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The “Chik Sign” in Neonatal Chikungunya

Publication Type : Journal Article

Thematic Areas : Medical Sciences

Publisher : Rev Soc Bras Med Trop,

Source : Rev Soc Bras Med Trop, 2020

Url :

Campus : Kochi

School : School of Medicine

Department : Microbiology

Year : 2020

Abstract : A 15-day-old male infant was referred to our hospital with a history of recurrent apnea, suspected sepsis, neonatal hyperbilirubinemia, and thrombocytopenia. The infant was ventilated at the referring hospital for recurrent apnea and was treated with intravenous antibiotics and other supportive measures. General examination at admission revealed marked hyperpigmentation of the face (Figure 1) and genital region (Figure 2). Systemic examination was unremarkable. The possibility of neonatal chikungunya was considered due to classical hyperpigmentation, clinical presentation, and thrombocytopenia. The patient’s mother reported having suffered a fever during the week preceding his delivery. The diagnosis in the neonate was confirmed by positive IgM antibodies to chikungunya. The child was treated symptomatically, recovered gradually, and was extubated on the third day of admission. Platelet count also normalized and the infant was discharged on the tenth day of admission. Transmission of chikungunya from mother to fetus is most likely when the mother is viremic at delivery. Though neurological, ocular, renal, and hematological manifestations have been described, the striking pigmentation of the nose, described as the “chik sign,” is the most recognizable feature in the diagnosis of neonatal chikungunya1,2. Differential diagnoses include congenital lupus, drug rash (due to imipenem, for instance), and bacterial infections (Listeria monocytogenes, Staphylococcus epidermidis), fungi (Candida), and viruses (human herpesvirus 6, enteroviruses)1. Knowledge of the “chik sign” as a cutaneous feature of chikungunya could be useful in resource-poor settings to detect unrecognized outbreaks of this arboviral fever, especially when the facilities for serological confirmation are not available.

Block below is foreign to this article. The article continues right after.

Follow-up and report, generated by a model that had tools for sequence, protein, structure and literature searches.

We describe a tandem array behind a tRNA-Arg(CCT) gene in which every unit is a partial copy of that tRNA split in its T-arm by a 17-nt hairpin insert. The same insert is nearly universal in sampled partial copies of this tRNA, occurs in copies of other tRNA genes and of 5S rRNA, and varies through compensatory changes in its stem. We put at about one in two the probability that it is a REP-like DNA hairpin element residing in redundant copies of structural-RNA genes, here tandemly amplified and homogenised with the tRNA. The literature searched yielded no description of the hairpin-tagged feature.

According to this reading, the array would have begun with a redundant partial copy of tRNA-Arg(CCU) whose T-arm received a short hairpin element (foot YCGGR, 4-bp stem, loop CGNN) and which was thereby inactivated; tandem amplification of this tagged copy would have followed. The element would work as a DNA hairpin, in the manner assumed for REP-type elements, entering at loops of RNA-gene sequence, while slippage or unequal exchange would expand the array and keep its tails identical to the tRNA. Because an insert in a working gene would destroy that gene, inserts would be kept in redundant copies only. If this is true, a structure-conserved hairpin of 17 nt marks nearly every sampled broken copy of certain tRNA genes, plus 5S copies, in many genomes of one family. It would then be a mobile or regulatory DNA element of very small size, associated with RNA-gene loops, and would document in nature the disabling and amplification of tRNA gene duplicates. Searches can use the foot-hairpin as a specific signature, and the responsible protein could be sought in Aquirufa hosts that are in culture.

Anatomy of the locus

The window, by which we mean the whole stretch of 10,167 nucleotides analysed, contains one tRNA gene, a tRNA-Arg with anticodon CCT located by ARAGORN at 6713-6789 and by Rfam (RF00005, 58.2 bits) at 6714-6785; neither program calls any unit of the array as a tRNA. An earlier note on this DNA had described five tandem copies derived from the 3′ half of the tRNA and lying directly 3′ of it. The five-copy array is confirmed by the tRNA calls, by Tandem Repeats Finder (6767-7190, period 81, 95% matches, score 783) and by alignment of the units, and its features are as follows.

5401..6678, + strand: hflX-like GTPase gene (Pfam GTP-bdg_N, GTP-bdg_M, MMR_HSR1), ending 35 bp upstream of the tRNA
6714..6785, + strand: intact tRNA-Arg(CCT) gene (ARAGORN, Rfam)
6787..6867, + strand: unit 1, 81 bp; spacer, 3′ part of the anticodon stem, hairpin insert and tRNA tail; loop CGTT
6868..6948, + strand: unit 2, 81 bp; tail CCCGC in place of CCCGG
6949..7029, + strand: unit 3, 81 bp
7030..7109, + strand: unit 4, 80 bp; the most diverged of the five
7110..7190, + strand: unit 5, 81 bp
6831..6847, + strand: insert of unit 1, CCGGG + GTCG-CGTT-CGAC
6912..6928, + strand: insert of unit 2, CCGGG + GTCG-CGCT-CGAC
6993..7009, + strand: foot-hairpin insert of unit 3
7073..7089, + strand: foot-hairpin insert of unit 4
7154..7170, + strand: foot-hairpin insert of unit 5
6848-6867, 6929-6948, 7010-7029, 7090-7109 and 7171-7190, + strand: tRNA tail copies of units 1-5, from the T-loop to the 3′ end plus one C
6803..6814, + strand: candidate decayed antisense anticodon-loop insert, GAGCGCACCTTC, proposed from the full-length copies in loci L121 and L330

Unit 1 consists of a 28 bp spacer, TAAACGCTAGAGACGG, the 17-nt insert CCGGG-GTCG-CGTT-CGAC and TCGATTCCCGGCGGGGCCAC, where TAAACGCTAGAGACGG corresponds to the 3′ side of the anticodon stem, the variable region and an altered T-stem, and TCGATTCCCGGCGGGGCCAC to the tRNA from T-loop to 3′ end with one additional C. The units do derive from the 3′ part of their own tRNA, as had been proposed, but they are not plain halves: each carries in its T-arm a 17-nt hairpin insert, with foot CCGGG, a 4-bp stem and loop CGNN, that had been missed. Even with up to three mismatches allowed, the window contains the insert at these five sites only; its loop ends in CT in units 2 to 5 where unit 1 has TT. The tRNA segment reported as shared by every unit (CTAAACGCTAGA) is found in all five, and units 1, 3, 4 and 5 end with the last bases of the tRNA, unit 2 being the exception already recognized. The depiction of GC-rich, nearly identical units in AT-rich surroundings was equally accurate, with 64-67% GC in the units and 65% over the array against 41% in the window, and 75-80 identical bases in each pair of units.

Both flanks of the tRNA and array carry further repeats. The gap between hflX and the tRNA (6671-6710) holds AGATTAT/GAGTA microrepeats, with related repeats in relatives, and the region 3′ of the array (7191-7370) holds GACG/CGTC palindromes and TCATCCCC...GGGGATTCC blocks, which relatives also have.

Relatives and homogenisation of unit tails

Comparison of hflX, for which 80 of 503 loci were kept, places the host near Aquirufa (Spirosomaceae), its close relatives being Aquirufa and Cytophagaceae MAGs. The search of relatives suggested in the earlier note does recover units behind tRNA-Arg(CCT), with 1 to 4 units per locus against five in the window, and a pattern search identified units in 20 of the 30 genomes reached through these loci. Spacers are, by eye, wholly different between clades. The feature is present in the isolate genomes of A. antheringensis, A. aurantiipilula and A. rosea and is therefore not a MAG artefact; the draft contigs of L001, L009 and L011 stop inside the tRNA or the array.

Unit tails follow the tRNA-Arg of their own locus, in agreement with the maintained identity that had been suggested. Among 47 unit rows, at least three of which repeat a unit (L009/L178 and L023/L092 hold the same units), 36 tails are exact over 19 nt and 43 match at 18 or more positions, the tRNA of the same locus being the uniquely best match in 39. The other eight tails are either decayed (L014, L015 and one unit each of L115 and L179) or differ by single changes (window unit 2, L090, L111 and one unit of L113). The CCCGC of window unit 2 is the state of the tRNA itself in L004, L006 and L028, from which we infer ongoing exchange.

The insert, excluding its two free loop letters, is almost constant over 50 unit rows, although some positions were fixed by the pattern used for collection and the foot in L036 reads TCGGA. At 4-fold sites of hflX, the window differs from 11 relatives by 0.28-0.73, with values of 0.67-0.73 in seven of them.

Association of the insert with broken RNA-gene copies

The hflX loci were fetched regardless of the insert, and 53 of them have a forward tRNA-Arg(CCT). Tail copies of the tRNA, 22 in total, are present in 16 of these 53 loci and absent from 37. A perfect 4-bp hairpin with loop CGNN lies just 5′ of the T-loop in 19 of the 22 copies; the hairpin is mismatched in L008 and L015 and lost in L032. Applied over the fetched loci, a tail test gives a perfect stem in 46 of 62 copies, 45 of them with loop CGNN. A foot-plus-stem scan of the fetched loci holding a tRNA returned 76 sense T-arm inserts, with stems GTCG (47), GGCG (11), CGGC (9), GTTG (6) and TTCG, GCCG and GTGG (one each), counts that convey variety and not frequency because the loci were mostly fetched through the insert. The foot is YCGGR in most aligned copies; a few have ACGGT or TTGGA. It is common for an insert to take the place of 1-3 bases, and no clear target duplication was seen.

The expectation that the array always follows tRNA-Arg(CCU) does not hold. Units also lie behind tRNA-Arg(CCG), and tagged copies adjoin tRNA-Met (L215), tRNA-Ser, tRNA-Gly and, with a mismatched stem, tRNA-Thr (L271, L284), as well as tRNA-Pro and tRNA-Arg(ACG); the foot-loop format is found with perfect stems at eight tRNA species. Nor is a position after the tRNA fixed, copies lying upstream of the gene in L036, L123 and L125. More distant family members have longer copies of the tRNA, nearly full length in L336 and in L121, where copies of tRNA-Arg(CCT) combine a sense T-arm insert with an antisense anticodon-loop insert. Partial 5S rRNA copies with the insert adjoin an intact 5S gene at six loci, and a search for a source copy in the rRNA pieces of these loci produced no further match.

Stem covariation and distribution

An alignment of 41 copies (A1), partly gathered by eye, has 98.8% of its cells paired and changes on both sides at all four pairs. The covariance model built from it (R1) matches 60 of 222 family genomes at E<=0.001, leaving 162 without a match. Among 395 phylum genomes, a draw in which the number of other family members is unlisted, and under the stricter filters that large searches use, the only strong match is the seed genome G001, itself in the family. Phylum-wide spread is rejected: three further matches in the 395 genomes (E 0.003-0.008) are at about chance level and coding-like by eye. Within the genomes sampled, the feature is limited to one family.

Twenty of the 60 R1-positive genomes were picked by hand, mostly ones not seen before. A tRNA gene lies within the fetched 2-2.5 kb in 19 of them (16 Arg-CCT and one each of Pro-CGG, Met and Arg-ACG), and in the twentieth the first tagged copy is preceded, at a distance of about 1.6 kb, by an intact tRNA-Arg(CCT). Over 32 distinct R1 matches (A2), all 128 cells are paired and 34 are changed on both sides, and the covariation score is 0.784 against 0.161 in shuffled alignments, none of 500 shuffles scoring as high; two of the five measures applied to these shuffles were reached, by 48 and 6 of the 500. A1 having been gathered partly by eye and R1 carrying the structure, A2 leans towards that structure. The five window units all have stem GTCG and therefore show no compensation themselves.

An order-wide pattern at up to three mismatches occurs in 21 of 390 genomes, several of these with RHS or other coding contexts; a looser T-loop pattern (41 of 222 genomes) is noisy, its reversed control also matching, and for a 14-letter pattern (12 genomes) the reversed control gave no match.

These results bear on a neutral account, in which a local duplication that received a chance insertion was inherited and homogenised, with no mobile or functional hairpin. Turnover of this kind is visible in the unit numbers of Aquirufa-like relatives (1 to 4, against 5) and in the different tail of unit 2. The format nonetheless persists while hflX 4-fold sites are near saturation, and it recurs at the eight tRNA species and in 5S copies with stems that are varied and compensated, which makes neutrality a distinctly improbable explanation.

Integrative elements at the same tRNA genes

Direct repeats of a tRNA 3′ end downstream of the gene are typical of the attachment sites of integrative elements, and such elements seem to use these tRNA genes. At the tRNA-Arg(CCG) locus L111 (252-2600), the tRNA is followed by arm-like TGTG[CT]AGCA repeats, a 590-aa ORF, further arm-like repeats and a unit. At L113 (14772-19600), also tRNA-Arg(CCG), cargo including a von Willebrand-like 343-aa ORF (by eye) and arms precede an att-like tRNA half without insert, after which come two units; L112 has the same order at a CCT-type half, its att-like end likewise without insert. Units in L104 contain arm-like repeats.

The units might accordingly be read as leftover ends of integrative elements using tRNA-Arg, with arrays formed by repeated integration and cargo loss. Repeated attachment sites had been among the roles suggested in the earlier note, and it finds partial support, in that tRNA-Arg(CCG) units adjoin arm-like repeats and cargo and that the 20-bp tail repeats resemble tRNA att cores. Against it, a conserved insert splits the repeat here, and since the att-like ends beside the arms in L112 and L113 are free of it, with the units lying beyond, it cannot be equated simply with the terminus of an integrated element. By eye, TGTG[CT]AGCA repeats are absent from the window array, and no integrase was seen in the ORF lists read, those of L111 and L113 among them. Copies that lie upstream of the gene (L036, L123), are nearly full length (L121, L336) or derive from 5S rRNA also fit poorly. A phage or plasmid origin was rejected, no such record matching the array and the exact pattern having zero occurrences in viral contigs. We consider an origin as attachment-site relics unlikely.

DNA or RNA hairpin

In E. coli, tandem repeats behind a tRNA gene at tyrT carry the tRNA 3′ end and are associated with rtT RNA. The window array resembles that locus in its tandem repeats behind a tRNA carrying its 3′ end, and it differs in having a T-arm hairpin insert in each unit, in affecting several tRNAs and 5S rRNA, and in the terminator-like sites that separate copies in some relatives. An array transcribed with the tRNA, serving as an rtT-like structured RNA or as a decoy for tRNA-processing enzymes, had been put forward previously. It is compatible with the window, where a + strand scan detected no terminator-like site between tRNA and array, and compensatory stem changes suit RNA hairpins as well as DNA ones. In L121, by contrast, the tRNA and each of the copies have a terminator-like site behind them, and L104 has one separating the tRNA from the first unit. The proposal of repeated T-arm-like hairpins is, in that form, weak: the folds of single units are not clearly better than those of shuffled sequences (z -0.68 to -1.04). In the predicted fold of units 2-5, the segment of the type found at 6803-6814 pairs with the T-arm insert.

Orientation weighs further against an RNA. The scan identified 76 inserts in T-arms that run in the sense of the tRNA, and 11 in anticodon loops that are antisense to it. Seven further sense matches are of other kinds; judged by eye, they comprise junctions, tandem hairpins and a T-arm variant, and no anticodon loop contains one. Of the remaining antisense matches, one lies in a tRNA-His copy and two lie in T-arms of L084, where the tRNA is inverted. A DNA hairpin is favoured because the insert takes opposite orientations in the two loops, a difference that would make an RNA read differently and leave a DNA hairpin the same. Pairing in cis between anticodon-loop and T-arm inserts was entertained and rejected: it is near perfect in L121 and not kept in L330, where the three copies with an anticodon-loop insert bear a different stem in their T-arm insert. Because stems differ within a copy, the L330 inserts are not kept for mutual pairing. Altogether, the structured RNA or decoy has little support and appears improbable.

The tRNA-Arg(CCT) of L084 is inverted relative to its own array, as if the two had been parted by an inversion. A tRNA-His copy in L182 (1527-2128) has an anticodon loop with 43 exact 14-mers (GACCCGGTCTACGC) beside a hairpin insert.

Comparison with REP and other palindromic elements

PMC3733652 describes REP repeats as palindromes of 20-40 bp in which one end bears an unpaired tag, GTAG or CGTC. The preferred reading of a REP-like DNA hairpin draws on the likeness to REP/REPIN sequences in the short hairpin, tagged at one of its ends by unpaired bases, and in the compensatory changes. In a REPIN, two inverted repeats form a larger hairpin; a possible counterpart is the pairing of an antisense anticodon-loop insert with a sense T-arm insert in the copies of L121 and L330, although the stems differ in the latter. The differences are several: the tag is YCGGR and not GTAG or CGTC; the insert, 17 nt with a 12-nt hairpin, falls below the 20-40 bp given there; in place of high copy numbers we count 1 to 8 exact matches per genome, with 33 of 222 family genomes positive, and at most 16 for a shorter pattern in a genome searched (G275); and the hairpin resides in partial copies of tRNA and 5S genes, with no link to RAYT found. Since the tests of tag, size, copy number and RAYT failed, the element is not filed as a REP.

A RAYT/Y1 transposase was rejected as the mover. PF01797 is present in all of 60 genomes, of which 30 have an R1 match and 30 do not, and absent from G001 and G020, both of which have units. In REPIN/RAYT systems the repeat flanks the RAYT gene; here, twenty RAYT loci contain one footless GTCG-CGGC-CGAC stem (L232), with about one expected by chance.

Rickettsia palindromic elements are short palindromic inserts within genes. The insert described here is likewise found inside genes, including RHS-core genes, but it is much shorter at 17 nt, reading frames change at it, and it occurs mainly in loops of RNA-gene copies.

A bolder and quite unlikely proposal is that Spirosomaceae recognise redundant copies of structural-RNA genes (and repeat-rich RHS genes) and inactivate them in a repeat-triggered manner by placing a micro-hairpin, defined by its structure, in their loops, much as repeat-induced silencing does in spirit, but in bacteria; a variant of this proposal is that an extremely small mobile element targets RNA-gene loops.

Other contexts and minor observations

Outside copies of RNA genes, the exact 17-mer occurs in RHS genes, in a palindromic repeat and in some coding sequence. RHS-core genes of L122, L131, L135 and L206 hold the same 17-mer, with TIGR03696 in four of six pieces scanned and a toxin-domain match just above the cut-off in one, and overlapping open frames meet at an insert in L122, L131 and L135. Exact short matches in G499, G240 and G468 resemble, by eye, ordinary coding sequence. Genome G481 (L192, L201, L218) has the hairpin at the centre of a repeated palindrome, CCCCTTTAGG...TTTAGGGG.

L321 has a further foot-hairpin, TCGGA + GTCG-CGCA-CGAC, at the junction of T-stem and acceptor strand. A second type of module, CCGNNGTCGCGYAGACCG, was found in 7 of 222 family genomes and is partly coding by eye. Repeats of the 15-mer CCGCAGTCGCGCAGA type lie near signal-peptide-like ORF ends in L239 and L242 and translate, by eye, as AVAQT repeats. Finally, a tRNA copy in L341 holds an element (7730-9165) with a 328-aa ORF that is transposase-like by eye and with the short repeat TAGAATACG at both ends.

Cite this Research Publication : Jayasree Chandramathi, Ashwin Prabhu, Anil Kumar "The “Chik Sign” in Neonatal Chikungunya", Rev Soc Bras Med Trop, 2020

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